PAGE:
Data and the Web

Announcing Kirix Strata 4.5

October 10th, 2012

Image - Light BulbYikes. It’s been a while.  We’ve been pulled off on myriad other important projects, but happy to announce a new upgrade to Kirix Strata.  Better late than never, right… right?  ;)

In addition to lots and lots of under-the-hood stuff fixed, stabilized and optimized, we’ve got some nice features people have been asking for.  Here’s a list of the highlights:

  • 64-bit support.  It took some work, but we’re thrilled to have a version that is optimized for 64-bit, which, critically, can utilize more than maximum limit of 4GB on 32-bit systems.  If you’re using version 4.4.2 on a 64-bit system, you can upgrade to the 64-bit version by downloading it here.
  • XLSX and ACCDB support.  It’s been a long time coming, but you can now import directly from the newer file formats from Excel and Access instead of using CSV or XLS/MDB workarounds.
  • Report formatting.  Reports now support cell borders/lines as well as vertical alignment. Yay!

In a bit of sad news, with this upgrade we say goodbye to the Linux version of Kirix Strata.  Historically, there hasn’t been enough commercial traction for the version and, unfortunately, supporting it further is cost prohibitive.

In addition to the things above, we’ve made many improvements to various bits and bobs throughout the package, which should lead to better overall performance.  Download the Windows 32-bit version here and the Windows 64-bit version here.

Enjoy!

P.S.  Mea Culpa.  We’ve experienced some unrelenting spam issues on the blog comments and forum as of late and we’re trying to clean that all up; sorry ’bout that and thanks for your patience.

Announcing Kirix Strata 4.4.2

January 19th, 2011

Kirix Strata Logo - WorldWe’re pleased to announce a minor upgrade to Kirix Strata today, version 4.2.2.

There are a ton of small tweaks and fixes under the hood, but here are a few of the noticeable highlights:

Features

  • Find In Files: For developers out there, this is a really useful one.  We’ve added the ability to search through the directories within a project for text files containing text patterns.  Matching text files are then displayed in the console panel and can be opened by double-clicking on them.  For example, if you had text files in a folder on your desktop, you can connect to the folder and then do a Find in Files (Edit > Find) to search for a specific text string.
  • KPG (Kirix Package File) Export: We’ve added the ability to export the directory structure to a package file (KPG), allowing projects, or portions of projects, to be exported and re-imported with the original hierarchy.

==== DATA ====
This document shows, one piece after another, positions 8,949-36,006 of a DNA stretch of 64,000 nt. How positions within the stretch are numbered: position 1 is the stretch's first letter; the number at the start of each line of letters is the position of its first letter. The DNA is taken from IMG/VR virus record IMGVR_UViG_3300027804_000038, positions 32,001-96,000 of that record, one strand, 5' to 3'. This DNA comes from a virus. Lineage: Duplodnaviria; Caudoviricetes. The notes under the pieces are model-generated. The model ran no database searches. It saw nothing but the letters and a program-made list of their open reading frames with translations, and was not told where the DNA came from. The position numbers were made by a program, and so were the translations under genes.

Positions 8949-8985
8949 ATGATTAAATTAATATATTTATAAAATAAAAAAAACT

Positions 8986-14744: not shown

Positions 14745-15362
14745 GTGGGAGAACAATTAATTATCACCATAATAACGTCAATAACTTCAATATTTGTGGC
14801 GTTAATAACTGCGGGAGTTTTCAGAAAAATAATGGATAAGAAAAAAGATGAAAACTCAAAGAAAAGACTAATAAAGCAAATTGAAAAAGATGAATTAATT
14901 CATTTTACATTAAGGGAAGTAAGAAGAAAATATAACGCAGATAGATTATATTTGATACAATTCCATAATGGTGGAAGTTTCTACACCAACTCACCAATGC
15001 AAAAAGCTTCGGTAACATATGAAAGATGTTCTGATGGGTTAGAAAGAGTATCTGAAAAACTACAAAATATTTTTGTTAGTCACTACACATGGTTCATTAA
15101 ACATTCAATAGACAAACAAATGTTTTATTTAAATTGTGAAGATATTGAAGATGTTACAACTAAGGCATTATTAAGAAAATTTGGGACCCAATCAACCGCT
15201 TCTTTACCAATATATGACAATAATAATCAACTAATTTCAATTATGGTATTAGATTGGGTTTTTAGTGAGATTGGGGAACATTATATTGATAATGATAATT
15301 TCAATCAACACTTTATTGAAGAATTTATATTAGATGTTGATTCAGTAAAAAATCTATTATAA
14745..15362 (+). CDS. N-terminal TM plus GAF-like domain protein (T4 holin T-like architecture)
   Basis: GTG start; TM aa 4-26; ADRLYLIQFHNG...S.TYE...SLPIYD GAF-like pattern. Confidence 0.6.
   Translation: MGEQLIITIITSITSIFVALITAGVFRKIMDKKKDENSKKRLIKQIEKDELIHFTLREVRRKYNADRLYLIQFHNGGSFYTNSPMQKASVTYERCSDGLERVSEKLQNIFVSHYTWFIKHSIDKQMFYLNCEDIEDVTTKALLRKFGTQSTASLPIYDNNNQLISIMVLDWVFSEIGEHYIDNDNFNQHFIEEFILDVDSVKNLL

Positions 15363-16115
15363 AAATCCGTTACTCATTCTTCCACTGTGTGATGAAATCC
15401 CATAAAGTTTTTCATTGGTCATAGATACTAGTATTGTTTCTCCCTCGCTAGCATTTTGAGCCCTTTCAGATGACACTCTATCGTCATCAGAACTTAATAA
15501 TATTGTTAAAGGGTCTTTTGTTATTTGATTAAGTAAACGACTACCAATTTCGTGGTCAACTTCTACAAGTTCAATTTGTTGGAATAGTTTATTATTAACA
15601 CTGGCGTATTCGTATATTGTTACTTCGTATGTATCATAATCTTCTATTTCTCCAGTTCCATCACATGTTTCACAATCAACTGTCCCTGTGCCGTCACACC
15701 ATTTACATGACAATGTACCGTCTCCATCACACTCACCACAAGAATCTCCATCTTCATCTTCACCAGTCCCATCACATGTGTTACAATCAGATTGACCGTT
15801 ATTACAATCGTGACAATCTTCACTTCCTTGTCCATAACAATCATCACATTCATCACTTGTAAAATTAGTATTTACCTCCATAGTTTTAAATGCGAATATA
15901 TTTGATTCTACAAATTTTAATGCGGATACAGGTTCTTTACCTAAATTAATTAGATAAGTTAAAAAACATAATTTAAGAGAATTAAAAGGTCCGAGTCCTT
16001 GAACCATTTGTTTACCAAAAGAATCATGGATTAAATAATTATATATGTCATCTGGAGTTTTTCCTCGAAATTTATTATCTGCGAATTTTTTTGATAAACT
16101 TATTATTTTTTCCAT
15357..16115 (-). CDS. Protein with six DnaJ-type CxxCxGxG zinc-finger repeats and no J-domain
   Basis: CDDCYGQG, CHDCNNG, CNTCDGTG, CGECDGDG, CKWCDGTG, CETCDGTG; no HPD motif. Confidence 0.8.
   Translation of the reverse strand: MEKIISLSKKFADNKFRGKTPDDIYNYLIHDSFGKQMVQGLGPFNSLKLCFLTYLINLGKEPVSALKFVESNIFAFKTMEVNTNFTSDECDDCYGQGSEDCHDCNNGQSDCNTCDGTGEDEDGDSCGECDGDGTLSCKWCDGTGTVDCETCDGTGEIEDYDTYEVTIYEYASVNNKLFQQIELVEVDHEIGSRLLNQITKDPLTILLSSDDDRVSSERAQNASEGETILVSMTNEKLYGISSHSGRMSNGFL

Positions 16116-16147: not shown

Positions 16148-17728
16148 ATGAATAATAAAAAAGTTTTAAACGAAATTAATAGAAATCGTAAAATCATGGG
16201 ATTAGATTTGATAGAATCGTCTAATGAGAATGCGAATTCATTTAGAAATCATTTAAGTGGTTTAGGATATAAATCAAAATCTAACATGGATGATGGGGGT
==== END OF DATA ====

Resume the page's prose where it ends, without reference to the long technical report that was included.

• Memory Usage Optimizations: We’ve updated the index memory usage function so it performs well with current hardware capabilities.

Fixes

  • Report Writer: We fixed various issues, including a sorting problem as well as an occurrence where multiple jobs were created when toggling between the design and layout view.
  • Linux:  We’ve updated our Linux build and fixed various problems relating to the user interface in the Linux distribution.

Other

  • Connectivity:  Connections to MySQL now utilize ODBC rather than the libmysql client library.  Connecting to MySQL requires installation of the MySQL ODBC library, available here.

Click here to download the latest and greatest.  If you run into any issues or need help with anything, please just let us know.

Data Clean Up, Brought to You by Google

November 18th, 2010

Google Refine LogoI recently saw this announcement for an open source tool and thought it might be interesting to some folks that deal with messy data sets.

Google Refine provides an interesting take on grouping and filtering data and then getting it cleaned up.  It also does some pretty interesting stuff using web APIs to transform data (see video 3, in particular).

The tool focuses on the data clean-up side of things, rather than analysis and reporting.  You may end up running into some trouble with larger data sets, as, I believe, the processing needs to be performed entirely in memory.

However, for data geeks out there, it’s definitely worth a look and might even be a nice complement for Kirix Strata at times.

If you have a chance to play with it, feel free to let us know what you think in the comments below.

Announcing Kirix Strata 4.4

February 23rd, 2010

We’re pleased to announce a long-awaited new upgrade to Kirix Strata today.